Situation Dire for Freedom of Belief in China: USCIRF Report
By Friends of Falun Gong | May 31, 2017
As part of its 2017 Annual Report, the United States Commission on International Religious Freedom summarizes the conditions of believers in nearly 30 countries and territories. In its section on China, authors briefly outline the status of Christians, Uighur Muslims, Tibetan Buddhists, and Falun Gong practitioners.
China has been listed by the State Department as a Country of Particular Concern (CPC). A CPC is any country whose government engages in or tolerates particularly severe religious freedom violations that are systematic, ongoing, and egregious.
In 1999, the Chinese Communist Party launched a national attack on practitioners of the meditation practice Falun Gong. Thousands of practitioners have been taken from their homes and workplaces and forced into secret prisons. Often they are victims of brainwashing sessions, physical torture, and forced organ harvesting.
As the large-scale persecution of Falun Gong continues for the 18th year, the situation of other faith groups seem to fair poorly as well.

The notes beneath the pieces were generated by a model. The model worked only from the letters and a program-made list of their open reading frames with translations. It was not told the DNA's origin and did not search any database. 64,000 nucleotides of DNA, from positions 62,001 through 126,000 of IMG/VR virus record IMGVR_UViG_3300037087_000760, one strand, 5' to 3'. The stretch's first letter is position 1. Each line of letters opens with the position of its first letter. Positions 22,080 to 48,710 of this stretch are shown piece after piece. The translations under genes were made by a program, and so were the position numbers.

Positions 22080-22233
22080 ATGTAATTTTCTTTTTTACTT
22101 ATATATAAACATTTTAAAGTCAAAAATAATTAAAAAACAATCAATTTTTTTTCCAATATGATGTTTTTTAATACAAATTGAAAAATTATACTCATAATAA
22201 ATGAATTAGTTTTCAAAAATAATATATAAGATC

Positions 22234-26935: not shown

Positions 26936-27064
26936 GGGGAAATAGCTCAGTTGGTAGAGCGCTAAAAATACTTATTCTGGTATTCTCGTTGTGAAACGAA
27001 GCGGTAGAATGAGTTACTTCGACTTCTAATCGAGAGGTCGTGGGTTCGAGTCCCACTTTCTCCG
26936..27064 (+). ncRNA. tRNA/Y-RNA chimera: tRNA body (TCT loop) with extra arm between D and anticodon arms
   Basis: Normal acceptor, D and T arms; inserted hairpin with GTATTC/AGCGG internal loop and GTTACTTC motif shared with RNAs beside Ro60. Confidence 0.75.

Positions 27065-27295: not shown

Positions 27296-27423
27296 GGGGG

The Chinese Communist Party has redoubled efforts to control religious education and clergy, including heavy fines for any religious activity deemed “illegal.” Of recent concern, bizarre incidents have been reported of the Communist (read: atheist) Party attempting to regulate the reincarnation of the Dalai Lama. Beijing and the Vatican have also been in negotiations over the appointment of Catholic bishops in China’s state-sanctioned churches.
Independent Christian churches and Tibetan Buddhist monasteries continue to be demolished at the hands of the CCP. The regime imposes size and placement regulations on crosses adorning buildings. Clergy who do not comply often face terrifying consequences. The report mentions a couple in Henan province who were crushed under the rubble of their house church as it was demolished. The wife did not survive.
As the issue of freedom of belief comes to a head in China, surveillance, harassment, and detention of rights defenders and activists become more prominent as well. Though some lawyers have made progress in their localities, practicing law continues to be a hazardous profession in China.